Politics & Policy

“Shall We Play a Game?”

“O.k., now blow out your candles!”

Everyone beams as Paris messes up his face and sends eight precise blasts across the lumpy surface of his birthday cake. There are no candles. I forgot them, as I did the toothbrushes. Furthermore, I had tried to keep the whipped cream pristine by sticking plastic spoons along the edges to hold up the tin foil, but traveling for five hours in a large storage container on top of a car does not enhance the appearance of any dessert, spoons or no.

Nor, for that matter, does traveling beneath such a box through Friday-afternoon gridlock enhance the disposition of the car’s occupants, but that was yesterday’s drama. Today there is nothing but a brilliant blue sky, sore backsides after a morning’s bicycling, a motel room, six forks, and an icebox cake made with two pints of heavy cream. What could be better?

It turns out there is something. It is: All of the above, in the company of four children who have miraculously suspended all rivalries and who give every sign of being thrilled to be in each other’s company.

“C’mon girlies,” Paris announces, wiping chocolate off his chin on to his–

Not your shirt!

“Oops. Sorry, Mummy. O.k., girls, let’s play!”

It is a sunny day in every sense. Our family is “away for the weekend,” an airy phrase which here means, “has avoided giving a birthday party for a classful of eight-year-old boys by taking our children to the seaside instead.” I booked the room months ago, partly to avoid another grueling birthday party and partly on the understanding that if our side lost the election we might want to get out of Washington to clear our heads. As it happens, things went our way, and all is heady and giddy and very, very cheerful.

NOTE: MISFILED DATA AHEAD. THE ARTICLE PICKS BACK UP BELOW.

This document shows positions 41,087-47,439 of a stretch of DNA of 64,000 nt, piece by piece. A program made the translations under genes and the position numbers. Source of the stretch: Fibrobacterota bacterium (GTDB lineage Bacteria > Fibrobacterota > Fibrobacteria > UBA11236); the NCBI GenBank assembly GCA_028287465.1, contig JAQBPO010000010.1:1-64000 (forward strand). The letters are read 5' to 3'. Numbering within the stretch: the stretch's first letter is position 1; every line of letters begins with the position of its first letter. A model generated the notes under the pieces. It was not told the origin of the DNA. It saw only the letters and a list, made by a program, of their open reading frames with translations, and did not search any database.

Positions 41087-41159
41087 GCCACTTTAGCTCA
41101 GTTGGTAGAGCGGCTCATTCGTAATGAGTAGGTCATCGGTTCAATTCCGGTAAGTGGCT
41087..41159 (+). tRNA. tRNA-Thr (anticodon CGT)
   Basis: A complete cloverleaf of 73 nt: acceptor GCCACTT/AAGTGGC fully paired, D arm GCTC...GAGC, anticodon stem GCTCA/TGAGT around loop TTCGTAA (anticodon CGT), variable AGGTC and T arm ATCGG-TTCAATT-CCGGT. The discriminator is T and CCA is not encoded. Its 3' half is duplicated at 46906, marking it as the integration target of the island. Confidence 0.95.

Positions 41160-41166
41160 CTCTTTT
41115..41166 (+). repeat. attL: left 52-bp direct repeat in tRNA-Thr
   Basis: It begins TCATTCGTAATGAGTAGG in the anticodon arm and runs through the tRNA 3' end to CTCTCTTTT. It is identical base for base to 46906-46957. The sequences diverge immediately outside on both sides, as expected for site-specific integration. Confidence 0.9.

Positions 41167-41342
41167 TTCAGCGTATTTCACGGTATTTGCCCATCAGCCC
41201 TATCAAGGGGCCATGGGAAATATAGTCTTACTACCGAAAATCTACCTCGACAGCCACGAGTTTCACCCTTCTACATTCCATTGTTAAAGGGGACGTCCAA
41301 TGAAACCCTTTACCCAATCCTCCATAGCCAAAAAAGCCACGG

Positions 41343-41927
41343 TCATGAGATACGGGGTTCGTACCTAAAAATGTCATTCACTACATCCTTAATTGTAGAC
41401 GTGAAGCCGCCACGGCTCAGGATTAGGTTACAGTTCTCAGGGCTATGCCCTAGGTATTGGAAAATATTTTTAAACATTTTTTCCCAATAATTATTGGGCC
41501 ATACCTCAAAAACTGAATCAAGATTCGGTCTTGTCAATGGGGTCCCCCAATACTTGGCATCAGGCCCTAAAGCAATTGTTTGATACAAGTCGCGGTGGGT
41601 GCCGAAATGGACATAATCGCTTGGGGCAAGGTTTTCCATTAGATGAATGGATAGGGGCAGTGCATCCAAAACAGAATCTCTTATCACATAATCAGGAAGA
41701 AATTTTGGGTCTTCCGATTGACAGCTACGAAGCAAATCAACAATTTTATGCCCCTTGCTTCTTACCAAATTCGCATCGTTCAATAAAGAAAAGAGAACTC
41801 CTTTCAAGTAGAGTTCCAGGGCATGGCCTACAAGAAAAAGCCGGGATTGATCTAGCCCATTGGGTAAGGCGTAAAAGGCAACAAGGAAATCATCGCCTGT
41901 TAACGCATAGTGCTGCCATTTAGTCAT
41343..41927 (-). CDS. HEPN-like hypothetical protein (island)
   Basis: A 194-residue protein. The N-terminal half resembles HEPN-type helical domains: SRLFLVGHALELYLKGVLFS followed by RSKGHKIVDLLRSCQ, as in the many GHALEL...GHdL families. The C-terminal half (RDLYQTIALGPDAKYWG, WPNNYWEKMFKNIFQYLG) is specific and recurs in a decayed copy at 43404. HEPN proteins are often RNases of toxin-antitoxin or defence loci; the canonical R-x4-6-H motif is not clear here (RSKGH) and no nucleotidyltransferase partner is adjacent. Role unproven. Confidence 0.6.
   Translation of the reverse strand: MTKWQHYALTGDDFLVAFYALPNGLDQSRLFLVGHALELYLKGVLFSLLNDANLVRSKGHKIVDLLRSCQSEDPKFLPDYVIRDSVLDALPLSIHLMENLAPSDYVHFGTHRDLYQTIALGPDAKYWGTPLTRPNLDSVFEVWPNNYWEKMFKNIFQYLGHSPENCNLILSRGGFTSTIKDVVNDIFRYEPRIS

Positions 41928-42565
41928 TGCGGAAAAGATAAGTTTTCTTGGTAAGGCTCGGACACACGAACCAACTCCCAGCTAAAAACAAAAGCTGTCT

My husband and I smile at each other, glance at the cake, grimace, and redevote ourselves to consuming it. Four cups of cream is, I have to say, an allurement that loses its allure remarkably fast when you’ve taken three bites.

The children drop to the floor brandishing the plastic medieval figurines they received at breakfast. Molly opens a small case and begins arranging a selection of old figures inside a glass case that holds the motel DVD player. Out come a swan, an otter, a donkey, a dog, a wolf, Maid Marian, Robin Hood, a girl pirate, a mandrill, a bear cub, a tiger, two cavaliers, four princesses, Robin Hood (again), and most of a family of fuzzy cats with jointed limbs from a different species of toy.

“And they threw their swords away, jumped off their horses, and began to wrestle,” Paris tells his sisters, beginning mid-Game. He entangles two new plastic knights and twists them around, all wrestly-like.

“Ermph!”

“What a terrible sight,” Violet remarks blandly, wafting a princess in a sparkly blue dress over to the field of battle.

“La, la, la…” Phoebe sings, waltzing her princess with a cat in an apparently unrelated scene.

“And Molly, you looked down in the garden and saw them fighting,” Paris gasps, still wrestling furiously.

I glance at Molly, who is arranging figurines in a kind of trance. These imaginary games used to absorb her utterly; she and her brother could play for hours, literally, with nothing more than, say, a bottle top and a bit of plastic scrounged from the park and maybe a Playmobil pirate or two. It wasn’t cheeseparing on our part that accounted for the paucity of playthings, they didn’t need anything much to spark an epic. These days, however, it is harder for her to disappear into childish narratives, and Paris knows it.

“You shouldn’t put yourself forward like that,” our eldest murmurs finally, manipulating two argumentative princesses, a blonde in white and a brunette in red.